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Welcome to the era of radical innovation

Why the end of Moore's Law may be a good thing for innovation

January 7, 2014 06:45 AM ET

Computerworld - Moore's Law created a stable era for technology, and now that era is nearing its end. But it may be a blessing to say goodbye to a rule that has driven the semiconductor industry since the 1960s.

Imagine if farmers could go year to year knowing in advance the amount of rainfall they would get. They could plant crops based on expected water availability.

That's the world that device makers, who are gathering this week in Las Vegas for the Consumer Electronics Show (CES), have long been living in, and every year has been a good one. Droughts haven't been part of the forecast, yet.

The tech industry has been able to develop products knowing the future of processing power, meaning device makers could draw up product road maps based on microprocessor performance gains that could be reliably anticipated.

In sum, the technology industry has been coasting along on steady, predictable performance gains.

But stability and predictability are also the ingredients of complacency and inertia. At this stage, Moore's Law may be more analogous to golden handcuffs than to innovation.

Technology innovation, particularly in the past decade, has been "a succession of entertainment and communication devices that do the same things as we could do before, but now in smaller and more convenient packages," wrote Robert Gordon, an economist, in a recent paper for the National Bureau of Economic Research that addressed the question of whether U.S. economic growth is over.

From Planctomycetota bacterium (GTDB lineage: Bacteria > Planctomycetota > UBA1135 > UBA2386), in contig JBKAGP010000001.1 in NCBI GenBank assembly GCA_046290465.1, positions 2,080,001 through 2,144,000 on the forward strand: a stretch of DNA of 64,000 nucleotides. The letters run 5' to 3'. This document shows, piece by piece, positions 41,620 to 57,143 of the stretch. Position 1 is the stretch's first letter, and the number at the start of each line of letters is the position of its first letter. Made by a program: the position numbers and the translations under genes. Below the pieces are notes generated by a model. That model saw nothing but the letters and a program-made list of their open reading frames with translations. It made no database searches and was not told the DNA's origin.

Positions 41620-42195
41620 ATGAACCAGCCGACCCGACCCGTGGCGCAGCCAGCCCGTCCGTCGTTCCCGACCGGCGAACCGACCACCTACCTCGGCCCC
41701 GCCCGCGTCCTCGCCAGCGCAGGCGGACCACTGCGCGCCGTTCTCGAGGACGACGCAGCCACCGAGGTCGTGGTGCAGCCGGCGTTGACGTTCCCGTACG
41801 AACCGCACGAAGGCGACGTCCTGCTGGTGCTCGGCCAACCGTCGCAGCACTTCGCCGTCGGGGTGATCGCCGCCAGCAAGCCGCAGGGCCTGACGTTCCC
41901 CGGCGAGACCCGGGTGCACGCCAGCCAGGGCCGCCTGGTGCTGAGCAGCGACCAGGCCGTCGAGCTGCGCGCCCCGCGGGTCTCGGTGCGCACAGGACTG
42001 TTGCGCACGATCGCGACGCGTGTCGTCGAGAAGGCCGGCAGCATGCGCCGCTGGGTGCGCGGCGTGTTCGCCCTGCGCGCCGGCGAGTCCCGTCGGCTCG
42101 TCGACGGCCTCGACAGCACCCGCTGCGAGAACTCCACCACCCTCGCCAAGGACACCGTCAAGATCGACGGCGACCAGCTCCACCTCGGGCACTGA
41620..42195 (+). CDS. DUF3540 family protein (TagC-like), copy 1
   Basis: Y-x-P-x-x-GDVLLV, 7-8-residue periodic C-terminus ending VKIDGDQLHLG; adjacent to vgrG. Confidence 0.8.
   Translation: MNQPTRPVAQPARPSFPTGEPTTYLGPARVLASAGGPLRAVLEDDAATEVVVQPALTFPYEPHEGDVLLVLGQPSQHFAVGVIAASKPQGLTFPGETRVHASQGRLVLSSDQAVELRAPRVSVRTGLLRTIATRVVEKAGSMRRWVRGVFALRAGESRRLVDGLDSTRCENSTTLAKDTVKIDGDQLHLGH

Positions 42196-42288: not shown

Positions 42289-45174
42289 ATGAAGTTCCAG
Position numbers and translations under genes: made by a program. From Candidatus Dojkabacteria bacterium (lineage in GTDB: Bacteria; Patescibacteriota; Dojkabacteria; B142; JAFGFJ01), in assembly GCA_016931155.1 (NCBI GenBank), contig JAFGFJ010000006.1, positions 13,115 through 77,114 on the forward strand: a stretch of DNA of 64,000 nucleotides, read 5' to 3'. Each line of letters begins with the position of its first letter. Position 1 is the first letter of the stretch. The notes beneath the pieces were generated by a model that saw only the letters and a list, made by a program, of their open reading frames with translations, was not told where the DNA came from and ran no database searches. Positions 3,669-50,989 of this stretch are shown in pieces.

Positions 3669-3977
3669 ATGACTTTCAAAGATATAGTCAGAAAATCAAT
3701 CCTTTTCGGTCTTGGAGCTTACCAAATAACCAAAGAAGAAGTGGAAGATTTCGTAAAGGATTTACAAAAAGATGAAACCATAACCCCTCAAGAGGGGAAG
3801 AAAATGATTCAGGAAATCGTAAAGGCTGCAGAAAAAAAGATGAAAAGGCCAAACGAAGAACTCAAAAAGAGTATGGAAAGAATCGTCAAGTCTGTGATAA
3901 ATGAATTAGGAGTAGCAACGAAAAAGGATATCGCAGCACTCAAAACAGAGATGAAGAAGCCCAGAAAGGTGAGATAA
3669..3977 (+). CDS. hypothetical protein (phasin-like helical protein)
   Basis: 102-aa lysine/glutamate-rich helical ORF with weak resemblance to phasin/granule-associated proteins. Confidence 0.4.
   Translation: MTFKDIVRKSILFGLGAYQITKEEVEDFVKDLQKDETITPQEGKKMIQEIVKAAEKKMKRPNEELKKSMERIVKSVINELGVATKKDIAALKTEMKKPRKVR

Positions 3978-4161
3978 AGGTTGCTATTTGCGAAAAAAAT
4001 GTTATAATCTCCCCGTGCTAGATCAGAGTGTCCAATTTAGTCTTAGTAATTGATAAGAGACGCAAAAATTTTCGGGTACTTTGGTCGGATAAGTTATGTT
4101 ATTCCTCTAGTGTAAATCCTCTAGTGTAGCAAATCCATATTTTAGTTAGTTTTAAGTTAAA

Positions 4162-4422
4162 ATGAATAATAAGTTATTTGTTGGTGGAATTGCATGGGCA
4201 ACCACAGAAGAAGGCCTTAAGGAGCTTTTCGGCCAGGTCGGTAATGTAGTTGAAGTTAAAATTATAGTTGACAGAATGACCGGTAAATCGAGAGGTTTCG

Moore's Law, first described by Intel co-founder Gordon Moore in 1965, states that the number of transistors on a chip would double approximately every two years. But the law was never meant to hold true indefinitely, and today microprocessors are reaching a point where they can shrink no more.

The 14-nanometer silicon chips that are now heading to mobile phones and elsewhere may eventually reach 7nm or even 5nm, but that may be it.

When the European Commission looked at the changing landscape in high-performance computing and the coming end of Moore's Law, it saw opportunity. No longer will "mere extrapolation" of existing technologies provide what is needed, but, instead, there will be a need for "radical innovation in many computing technologies," it said in a report this year.

And in a recent budget request, the U.S. National Science Foundation said that radical innovation beyond Moore's Law will require "new scientific, mathematical, engineering, and conceptual frameworks."

The NSF sees a need for new materials that can work in quantum states, or even "molecular-based approaches including biologically inspired systems."

That new technology could be carbon digital circuits made of nanotubes, which could perform 10 times better than today's technologies, as rated by metric that considers both performance and energy usage. A nanotube is a rolled-up sheet of graphene.



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